• 2 points

hello 911 I've witnessed a murder

seriously though, good, albeit firm, feedback. I concur.

  • 2 months ago
  • 2 points

Yeah there's really nothing else to add lol. Good job. I would only disagree with your third point.

They could easily buy a 3rd gen Ryzen CPU to upgrade in a year or two if they find the 1600 isn't cutting it. It would be the next upgrade that would require replacing the motherboard.

  • 2 months ago
  • 2 points

I agree with a lot, but I'd like to counter some of your points. I have a similarly priced build, albeit I spent months watching sales.

If he bought any reasonably sized SSD, a good chunk of that money you believe he needed to save on the cooler, 'board, and power supply would've been negated. Hard drives are ancient tech', yep, but in extremely limited budgets I see no problem with using them. A computer without an SSD is not useless; let's not kid ourselves here because we've become so used to faster boot times, transfers, and load times. Besides, someone with this budget is not a power user. A SSD is about quality of life, but doesn't give many real-world, tangible benefits for basic users. Emphasis on 'basic user' here.

Money could have been saved on the motherboard for sure, but it's not some crazy idea for him to leave himself with an upgrade path. A comparably priced 3600 will likely end up being 25% faster than his 1600. Tossing $175 bucks or so towards an upgrade a year down the line isn't a stretch and I've known far too many people who have had problems arise from going with a dirt-cheap motherboard. Exhibit A, you believe he needs to overclock his RAM or should have bought a faster kit in the first place. I agree, but good luck reaching a decent overclock on some $60-70 dollar piece of trash 'board.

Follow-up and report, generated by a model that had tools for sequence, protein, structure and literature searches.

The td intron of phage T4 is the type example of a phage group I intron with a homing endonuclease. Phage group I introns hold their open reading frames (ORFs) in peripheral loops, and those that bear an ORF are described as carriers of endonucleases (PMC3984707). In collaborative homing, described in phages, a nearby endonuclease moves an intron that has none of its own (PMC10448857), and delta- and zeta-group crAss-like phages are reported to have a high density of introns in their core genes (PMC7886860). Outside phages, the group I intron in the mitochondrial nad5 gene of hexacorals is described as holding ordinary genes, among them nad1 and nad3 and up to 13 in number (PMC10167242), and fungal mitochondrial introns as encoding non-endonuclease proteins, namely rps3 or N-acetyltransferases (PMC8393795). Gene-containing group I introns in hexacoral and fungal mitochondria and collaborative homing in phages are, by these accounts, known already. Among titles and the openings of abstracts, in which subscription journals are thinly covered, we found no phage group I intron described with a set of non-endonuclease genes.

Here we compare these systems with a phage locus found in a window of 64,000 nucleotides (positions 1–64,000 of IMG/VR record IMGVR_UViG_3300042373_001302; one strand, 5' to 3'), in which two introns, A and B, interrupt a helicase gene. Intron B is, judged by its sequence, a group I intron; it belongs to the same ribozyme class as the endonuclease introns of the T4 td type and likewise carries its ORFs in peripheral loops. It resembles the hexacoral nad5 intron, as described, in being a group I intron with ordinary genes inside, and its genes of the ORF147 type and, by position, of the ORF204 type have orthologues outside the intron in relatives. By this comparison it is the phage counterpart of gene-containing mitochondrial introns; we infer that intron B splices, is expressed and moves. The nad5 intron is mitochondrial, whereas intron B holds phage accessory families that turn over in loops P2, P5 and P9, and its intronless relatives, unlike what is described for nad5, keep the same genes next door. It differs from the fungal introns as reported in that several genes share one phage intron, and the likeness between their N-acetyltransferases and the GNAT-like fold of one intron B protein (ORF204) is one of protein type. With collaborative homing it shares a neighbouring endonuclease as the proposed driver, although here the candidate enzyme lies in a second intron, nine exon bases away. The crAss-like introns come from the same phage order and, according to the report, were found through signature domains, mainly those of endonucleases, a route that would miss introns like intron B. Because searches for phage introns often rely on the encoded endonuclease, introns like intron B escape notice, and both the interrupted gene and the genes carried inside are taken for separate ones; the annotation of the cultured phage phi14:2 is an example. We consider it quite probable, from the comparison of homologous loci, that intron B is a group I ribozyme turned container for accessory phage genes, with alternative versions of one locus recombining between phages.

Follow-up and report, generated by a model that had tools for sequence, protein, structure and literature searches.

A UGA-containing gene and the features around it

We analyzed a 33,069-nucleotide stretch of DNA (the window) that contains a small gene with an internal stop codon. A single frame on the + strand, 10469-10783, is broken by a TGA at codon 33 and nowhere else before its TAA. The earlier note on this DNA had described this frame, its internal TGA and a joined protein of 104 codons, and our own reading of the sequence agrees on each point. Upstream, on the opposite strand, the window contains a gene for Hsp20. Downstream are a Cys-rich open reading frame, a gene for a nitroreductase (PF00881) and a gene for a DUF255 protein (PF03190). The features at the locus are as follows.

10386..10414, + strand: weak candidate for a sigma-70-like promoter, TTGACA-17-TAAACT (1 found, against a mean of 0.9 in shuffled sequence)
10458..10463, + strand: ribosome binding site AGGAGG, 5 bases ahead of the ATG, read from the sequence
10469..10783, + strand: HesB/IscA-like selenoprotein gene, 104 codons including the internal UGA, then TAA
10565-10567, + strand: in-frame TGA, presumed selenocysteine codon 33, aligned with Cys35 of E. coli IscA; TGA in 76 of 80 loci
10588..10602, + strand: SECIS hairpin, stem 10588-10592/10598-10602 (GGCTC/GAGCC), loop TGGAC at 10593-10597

His RX 570 may not have been the price that's shown here. I've seen them drop all the time and while I agree at that price it'd be an awful deal, there's no denying the RX 570 is the budget king right now. Many of them are going as cheap as $125 bucks lately.

I don't know what your experiences are or where your sources came from, but ambient temperatures absolutely do have an impact on system temps. It may not be a game changer or as noticeable with closed-loop coolers, but the difference is observable. My 570 will fluctuate 5c within a matter of minutes while gaming once my air conditioning in the house kicks on. I am not exaggerating.

The wattage on his power supply is overkill, but the efficiency standard is not. No need to calculate money saved on the power bill; I think a stronger argument could be made against using cheaper power supplies simply because they have lower quality components and higher chance of failure. There's a reason why you hear so many doomsday stories and negative reviews on budget PSU units. If you want your rig to last at least 4-5 years, I would never comfortably recommend picking up a PSU that's less than $40-50 bucks.

That's my take on everything. I absolutely agree with you on the closed-loop cooler and getting faster RAM, though. Also, some food for thought, that case does not look like the Tesseract but I'd wager stacking stuffed animals on the top exhaust (if it even has one, the actual Tesseract does) is not ideal for temperatures. Just a hunch. ;D

  • 2 months ago
  • 1 point

RE: overclocking the RAM

That kit has the following specs:

DDR4 2400 (PC4 19200) Timing 15-15-15-35 CAS Latency 15 Voltage 1.2V

Most DDR4 3000 kits have specs like these:

DDR4 3000 (PC4 24000) Timing 16-18-18 CAS Latency 16 Voltage 1.35V

Note the timing, latency, and voltage differences.

Of course there is room to overclock this kit on a $70 mobo.

  • 2 months ago
  • 1 point

I hear you, but my impression is the OP was referring to extensive clocks well beyond 3000mhz. He claimed Ryzen 'needs' 3000mhz+ which I don't necessarily disagree with, but yeah, how much more is a gray area.

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  • 2 months ago
  • 1 point

Cool story bro

  • 2 months ago
  • 1 point

For sure, I think 2800-3200mhz offers the best bang for your buck. For a Ryzen based system, at least.

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  • 2 months ago
  • 1 point

I'd like to think mine was better value than the list you have linked.

but... that's not the point.

OP is proud of his build. Let him be proud of his build. Sure... Mistakes were made, but... it's going to be better than most prebuilts at that price point.